In the 21st century, after all the awareness and protective legislation, you’d think that the western world would have seen an end to sexual harassment at work. This Valentine’s Day it feels as if we are moving backwards.

It’s hard not to wonder what behaviour is considered socially acceptable, when we see a cross-party committee in Parliament report that sexual harassment has been “a feature in the lives” of many who work there. The committee’s survey heard from more than 250 people who experienced sexual harassment in the past year.

In the last six months we saw the allegations against US movie producer Harvey Weinstein and the rise of the #MeToo movement as part of the response. We’ve also had the scandal around the Presidents’ Club event.

According to research by the Trades Union Congress (TUC) in August 2016, two-thirds of young women face sexual harassment – ranging from jokes to unwanted sexual touching or advances – at their place of work. In this investigation, 63% of young women between the ages of 18 and 24 said they had experienced sexual harassment, with 52% of women of all ages confirming the same.

A BBC survey conducted after the Weinstein allegations concluded that more than half of British women and a fifth of men have been sexually harassed at work or a place of study. Worryingly, 63% said they didn’t report it to anyone and 79% of the male victims kept it to themselves.

So why aren’t more cases being brought at Employment Tribunal by victims seeking compensation for unlawful sexual harassment under the Equality Act 2010?

The latest statistics from the Tribunal show only 8,836 cases for sex discrimination being brought in 2016/2017, which would include sex harassment cases. While this is a significant increase on the previous year, it is well below the levels we saw before fees were introduced.

Is it that such behaviour is getting normalised by what we read and see in the press? Perhaps the victims worry that how they feel won’t be taken seriously or that a Tribunal might think what has happened to them is too ‘minor’.

The Equality Act is clear that sexual harassment occurs when a person engages in unwanted conduct of a sexual nature. This can cover verbal, non verbal or physical conduct including unwanted sexual advances, touches, sexual assault, sexual jokes, displaying pornographic photos or drawings or sending emails with material of a sexual nature. Unwanted means unwelcome or uninvited – an express objection need not be made.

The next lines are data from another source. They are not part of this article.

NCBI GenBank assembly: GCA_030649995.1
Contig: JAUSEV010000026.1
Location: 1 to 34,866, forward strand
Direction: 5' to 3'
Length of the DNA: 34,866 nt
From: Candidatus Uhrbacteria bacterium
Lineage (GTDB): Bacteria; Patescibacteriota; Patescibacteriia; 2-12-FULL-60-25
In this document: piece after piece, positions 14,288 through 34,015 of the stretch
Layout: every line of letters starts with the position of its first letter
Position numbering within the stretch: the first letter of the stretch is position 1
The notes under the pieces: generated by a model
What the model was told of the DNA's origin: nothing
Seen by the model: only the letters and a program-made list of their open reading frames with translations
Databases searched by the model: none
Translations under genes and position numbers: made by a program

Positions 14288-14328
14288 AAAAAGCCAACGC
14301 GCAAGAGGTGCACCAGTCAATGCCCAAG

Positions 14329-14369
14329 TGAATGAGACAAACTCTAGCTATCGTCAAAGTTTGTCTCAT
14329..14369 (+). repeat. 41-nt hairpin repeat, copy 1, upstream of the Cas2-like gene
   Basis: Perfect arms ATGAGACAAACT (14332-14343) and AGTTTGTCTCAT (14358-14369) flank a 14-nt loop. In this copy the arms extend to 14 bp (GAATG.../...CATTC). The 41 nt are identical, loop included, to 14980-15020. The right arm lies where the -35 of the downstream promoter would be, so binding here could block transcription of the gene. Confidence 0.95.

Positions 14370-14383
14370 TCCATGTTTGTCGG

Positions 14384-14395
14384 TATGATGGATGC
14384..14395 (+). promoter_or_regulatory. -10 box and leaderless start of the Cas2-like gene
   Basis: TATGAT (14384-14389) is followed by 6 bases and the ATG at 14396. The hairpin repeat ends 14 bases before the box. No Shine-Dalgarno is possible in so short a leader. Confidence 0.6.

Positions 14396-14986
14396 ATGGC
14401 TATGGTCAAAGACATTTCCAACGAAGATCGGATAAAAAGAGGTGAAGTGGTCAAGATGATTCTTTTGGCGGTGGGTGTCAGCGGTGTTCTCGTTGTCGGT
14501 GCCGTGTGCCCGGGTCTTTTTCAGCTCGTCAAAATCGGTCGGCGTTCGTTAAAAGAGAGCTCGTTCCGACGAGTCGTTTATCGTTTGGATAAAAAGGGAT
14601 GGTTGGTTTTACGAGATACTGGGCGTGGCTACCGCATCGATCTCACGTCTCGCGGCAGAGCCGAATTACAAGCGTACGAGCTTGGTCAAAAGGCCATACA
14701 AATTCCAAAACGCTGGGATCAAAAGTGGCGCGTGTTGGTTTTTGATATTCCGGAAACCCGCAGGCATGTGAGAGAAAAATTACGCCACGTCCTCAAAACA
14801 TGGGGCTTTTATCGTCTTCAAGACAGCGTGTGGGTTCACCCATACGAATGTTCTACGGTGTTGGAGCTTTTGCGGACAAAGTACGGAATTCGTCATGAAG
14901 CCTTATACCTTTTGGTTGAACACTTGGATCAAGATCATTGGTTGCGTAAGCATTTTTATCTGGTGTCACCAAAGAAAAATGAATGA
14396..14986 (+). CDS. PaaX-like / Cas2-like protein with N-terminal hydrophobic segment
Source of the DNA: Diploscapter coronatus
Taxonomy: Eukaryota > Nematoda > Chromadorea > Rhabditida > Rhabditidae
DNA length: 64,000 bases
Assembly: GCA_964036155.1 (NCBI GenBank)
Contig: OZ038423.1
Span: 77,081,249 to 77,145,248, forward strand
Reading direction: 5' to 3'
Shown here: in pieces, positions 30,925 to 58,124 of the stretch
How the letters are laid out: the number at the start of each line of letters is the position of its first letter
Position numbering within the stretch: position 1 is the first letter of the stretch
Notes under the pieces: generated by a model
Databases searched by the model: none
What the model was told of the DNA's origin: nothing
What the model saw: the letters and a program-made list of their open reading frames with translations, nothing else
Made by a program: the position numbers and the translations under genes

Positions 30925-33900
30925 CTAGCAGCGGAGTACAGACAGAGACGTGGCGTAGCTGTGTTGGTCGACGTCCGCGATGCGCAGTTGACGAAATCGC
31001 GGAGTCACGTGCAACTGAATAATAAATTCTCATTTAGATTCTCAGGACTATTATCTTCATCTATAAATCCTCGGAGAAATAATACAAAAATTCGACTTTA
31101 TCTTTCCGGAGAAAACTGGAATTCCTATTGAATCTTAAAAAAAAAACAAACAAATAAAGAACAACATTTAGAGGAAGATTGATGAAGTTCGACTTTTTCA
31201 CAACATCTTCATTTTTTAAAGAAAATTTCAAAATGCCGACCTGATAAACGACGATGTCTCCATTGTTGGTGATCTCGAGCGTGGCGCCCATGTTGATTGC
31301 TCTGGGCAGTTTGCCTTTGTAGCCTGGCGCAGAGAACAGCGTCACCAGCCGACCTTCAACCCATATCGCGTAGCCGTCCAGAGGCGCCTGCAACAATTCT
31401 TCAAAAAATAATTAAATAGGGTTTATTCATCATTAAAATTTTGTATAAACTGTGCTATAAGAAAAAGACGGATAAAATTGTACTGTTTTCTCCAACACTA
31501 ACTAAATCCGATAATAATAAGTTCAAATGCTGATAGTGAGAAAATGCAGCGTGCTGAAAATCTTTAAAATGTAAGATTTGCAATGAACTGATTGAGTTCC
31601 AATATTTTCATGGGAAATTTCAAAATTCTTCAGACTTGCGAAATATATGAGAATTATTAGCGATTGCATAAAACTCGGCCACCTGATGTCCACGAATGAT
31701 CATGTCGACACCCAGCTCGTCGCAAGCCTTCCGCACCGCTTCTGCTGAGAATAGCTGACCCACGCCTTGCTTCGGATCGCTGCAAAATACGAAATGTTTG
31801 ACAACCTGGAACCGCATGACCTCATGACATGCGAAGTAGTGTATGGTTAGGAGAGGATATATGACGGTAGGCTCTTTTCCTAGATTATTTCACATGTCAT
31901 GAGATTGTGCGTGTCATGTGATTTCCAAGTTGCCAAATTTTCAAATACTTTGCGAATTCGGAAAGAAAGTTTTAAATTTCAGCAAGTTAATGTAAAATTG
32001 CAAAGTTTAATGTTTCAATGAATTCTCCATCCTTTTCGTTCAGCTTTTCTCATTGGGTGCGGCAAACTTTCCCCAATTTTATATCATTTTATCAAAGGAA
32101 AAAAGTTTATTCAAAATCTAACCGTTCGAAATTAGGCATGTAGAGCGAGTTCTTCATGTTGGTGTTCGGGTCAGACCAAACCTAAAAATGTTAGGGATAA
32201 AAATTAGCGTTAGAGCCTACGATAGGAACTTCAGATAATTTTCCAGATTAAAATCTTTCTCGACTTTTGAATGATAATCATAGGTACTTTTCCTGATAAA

How the victim feels is important, not whether the perpetrator meant to upset the victim.  If the perpetrator can show they did not intend to violate the victim’s dignity or create an intimidating, hostile, degrading, humiliating or offensive environment for the victim, the only check applied is one of reasonableness: a Judge will ask “was it reasonable that the conduct experienced by the victim had this impact?” In most cases, the answer is a resounding ‘yes’ and this overrides the perpetrator’s intent.

Could the lack of claims be because victims are worried about losing their jobs?

The TUC study found that those on zero-hours contracts, doing precarious work or agency or hospitality work, were far more likely to be the object of sexual harassment in the workplace than those in steadier work. Clearly in those jobs, the fear would be that if they stood up to the behaviour they would not get offered any more shifts.  If money is tight this could have immediate negative consequences.

The alleged behaviour in Parliament and in the Weinstein cases suggest this is also about a power imbalance where people are ambitious to progress in their career, and the tendency of some others to use that power over them corruptly.

Victims may not realise that there is legal protection for them if this happens. If a victim is treated less favourably because they submitted to or rejected unwanted conduct, they can claim further compensation including sums to cover any loss of earnings.  This is in addition to claiming up to £42,000 as compensation for injury to feelings.

Perhaps it is because victims fear the Tribunal process and that it will cost them money?

Like any legal action, there is always a degree of pressure but the Tribunal system is a much more relaxed setting than a criminal court and it is only usually at the main hearing that the victim and perpetrator would be in the same room.  Although tribunal fees have been abolished, a victim may still incur legal fees in bringing the claim to tribunal.

In my experience, where there is a clear account of sexual harassment by a victim in a workplace, the cases tend to settle well before there is a hearing. Often they settle before any claim needs to be brought.  This greatly reduces the pressure on the victim who is able to then move on without fear of further conflict and proper arrangements can be made to repair any damaged working relationships.

Verity Slater is an employment partner in our Truro office. To discuss the content in this article or any other HR issue call 01872 265100 or email